Being a full-time freelancer takes a lot of hard work, creativity, and a whole lot of grit. You can’t always rely on a steady paycheck, and you’ve got to work hard to keep the jobs coming in. At the end of the day, your success or failure depends one person: you.
But despite the challenges, more and more Americans are choosing the freedom of freelancing. A 2017 study found that over 57 million Americans freelance in some capacity — over 30% of the country’s entire workforce.¹
Keeping your bills paid and your business afloat is enough to keep you busy from sun up to sundown. And worrying about coverage for things like accidents, dental, vision or critical illness probably isn’t on the top of your list.
But the fact that your career relies so much on your individual health is exactly why you should prioritize getting covered. In 2017, over 70 million Americans had to go to the doctor for an injury, while over 45 million had to go to the emergency room for treatment after an injury.²
A visit to the E.R. alone can run as high as $3,000 for uninsured patients. And that doesn’t factor in the cost of treatment, medication, or surgery.³
Supplemental insurance can protect you from unexpected medical bills that could make a huge dent in your freelancing career. Discover how supplemental insurance can help protect your health and savings as a freelancer.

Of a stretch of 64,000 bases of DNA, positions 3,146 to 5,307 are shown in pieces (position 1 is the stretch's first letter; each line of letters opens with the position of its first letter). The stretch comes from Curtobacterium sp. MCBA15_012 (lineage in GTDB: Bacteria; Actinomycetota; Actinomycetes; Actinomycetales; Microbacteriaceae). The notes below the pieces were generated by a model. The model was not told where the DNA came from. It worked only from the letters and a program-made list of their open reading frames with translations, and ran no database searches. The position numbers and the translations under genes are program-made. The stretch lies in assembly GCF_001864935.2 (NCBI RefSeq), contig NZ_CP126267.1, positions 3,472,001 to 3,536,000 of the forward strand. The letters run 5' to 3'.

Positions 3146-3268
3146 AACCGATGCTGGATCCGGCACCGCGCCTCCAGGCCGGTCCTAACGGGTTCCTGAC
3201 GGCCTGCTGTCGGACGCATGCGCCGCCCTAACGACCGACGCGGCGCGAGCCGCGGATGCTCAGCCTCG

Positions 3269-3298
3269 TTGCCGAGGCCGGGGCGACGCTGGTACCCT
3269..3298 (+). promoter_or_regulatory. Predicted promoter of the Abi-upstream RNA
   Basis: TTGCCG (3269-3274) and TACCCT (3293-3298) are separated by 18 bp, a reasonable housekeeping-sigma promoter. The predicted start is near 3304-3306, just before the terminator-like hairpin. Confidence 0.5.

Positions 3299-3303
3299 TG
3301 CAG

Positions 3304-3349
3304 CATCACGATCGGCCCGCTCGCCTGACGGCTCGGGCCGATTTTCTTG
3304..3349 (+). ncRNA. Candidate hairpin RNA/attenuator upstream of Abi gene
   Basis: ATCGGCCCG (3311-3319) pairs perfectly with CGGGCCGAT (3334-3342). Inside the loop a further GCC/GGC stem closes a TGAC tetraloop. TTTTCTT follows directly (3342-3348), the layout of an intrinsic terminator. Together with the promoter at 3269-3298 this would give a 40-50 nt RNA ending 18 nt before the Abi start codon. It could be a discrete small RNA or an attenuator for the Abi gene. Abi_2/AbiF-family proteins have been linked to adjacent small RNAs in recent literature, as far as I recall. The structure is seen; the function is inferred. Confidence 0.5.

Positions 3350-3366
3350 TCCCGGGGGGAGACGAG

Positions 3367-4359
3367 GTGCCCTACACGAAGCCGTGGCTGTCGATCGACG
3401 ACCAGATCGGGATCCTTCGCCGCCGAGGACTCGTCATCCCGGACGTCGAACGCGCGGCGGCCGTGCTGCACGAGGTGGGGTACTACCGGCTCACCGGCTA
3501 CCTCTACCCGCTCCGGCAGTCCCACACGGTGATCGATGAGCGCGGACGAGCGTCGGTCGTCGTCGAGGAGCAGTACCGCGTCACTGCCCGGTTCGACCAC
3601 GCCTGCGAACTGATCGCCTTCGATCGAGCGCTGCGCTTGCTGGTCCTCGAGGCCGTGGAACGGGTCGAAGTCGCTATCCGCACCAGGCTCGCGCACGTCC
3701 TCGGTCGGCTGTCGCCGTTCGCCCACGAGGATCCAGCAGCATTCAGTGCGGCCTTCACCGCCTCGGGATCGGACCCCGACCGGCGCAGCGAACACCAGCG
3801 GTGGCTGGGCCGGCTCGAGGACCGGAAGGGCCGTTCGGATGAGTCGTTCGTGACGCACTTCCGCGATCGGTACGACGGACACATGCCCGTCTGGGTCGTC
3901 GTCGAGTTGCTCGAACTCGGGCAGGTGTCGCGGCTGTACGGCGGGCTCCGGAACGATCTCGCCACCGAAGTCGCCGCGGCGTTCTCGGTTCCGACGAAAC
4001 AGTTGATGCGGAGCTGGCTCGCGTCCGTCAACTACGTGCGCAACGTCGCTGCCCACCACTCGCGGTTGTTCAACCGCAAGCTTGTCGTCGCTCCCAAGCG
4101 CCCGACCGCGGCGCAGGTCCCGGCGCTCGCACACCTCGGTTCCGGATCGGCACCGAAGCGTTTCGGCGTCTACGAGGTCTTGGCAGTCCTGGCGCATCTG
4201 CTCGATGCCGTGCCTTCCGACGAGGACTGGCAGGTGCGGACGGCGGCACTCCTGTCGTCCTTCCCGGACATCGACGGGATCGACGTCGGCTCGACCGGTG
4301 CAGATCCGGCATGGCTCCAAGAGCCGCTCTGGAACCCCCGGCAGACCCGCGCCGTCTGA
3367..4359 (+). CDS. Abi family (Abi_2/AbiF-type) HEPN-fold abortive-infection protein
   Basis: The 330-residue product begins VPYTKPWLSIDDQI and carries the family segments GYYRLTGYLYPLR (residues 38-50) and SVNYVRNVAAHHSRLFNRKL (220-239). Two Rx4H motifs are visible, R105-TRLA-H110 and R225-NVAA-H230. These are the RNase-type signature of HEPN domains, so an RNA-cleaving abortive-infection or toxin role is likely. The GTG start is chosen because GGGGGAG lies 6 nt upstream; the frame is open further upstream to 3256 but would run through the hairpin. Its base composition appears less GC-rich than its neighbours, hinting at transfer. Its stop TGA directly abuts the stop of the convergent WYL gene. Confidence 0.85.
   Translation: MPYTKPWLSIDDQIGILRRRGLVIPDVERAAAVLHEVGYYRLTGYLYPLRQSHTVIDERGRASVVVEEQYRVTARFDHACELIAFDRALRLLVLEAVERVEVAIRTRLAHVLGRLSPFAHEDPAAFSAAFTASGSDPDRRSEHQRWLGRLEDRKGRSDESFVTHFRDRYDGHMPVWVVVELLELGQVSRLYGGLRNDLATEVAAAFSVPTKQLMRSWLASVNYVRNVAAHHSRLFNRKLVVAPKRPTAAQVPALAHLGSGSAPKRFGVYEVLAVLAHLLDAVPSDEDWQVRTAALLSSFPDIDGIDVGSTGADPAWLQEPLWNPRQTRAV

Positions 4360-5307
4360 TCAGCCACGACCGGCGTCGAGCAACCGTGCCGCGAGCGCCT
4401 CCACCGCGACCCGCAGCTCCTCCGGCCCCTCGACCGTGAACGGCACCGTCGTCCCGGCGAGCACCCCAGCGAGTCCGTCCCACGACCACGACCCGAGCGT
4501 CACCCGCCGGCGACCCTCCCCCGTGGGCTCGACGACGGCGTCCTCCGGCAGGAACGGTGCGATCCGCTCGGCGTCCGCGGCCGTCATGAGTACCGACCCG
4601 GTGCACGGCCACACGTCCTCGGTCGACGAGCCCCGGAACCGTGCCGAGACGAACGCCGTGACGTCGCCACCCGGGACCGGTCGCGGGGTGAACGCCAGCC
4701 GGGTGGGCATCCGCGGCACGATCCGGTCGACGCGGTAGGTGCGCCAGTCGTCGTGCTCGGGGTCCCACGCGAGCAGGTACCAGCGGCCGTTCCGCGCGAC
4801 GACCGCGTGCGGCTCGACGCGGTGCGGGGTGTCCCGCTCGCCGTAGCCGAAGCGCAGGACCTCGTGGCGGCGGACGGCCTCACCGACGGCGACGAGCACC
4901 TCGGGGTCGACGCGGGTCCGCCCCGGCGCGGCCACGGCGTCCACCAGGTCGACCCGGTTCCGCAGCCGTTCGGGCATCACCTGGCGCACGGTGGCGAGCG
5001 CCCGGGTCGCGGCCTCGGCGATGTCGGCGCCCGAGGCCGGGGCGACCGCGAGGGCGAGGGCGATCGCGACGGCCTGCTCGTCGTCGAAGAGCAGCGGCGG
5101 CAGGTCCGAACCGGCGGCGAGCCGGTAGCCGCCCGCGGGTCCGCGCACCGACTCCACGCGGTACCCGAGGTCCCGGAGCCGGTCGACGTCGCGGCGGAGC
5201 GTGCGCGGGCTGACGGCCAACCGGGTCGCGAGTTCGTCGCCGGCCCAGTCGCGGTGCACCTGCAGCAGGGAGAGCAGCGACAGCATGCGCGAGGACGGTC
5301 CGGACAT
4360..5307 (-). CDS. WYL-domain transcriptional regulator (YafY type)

What is supplemental insurance?
Supplemental insurance can provide coverage for medical costs that aren’t covered by your basic health insurance plan.⁴ Some of the more common types include dental, critical illness, or accident insurance.
Dental insurance generally covers a portion of the cost of a range of dental services from routine preventive care to dental surgery. Dental insurance also typically includes negotiated rates with a network of dentists, further reducing the cost of dental services. Many healthcare plans don’t include dental insurance and paying out of pocket can add up.
Accident insurance is a type of insurance that pays a cash benefit if you or a loved one has an accidental injury. It helps with the unexpected expenses that come with an accidental injury such as a broken bone, burn, or concussion that medical insurance doesn't fully cover. Multiple injury and treatment types may be covered, including ambulance charges, emergency room visits, hospital costs, surgery, crutches, physical therapy, and more. Benefits paid are based on the type of injury, severity of the injury, and type of treatments you receive. Cash benefits for supplemental accident insurance can be used in any way you choose.
Critical illness insurance is a type of insurance that pays a lump sum cash benefit if you are diagnosed with a covered critical illness, such as a heart condition, cancer, or major organ failure. Benefits paid are based on the type of illness and whether it’s a first occurrence or recurrence of the illness. The cash benefit supplements your existing medical insurance and is usable in any way you choose, including to offset deductibles or copays, travel to treatment centers, household expenses, or even for experimental treatments.
Financial protection with supplemental insurance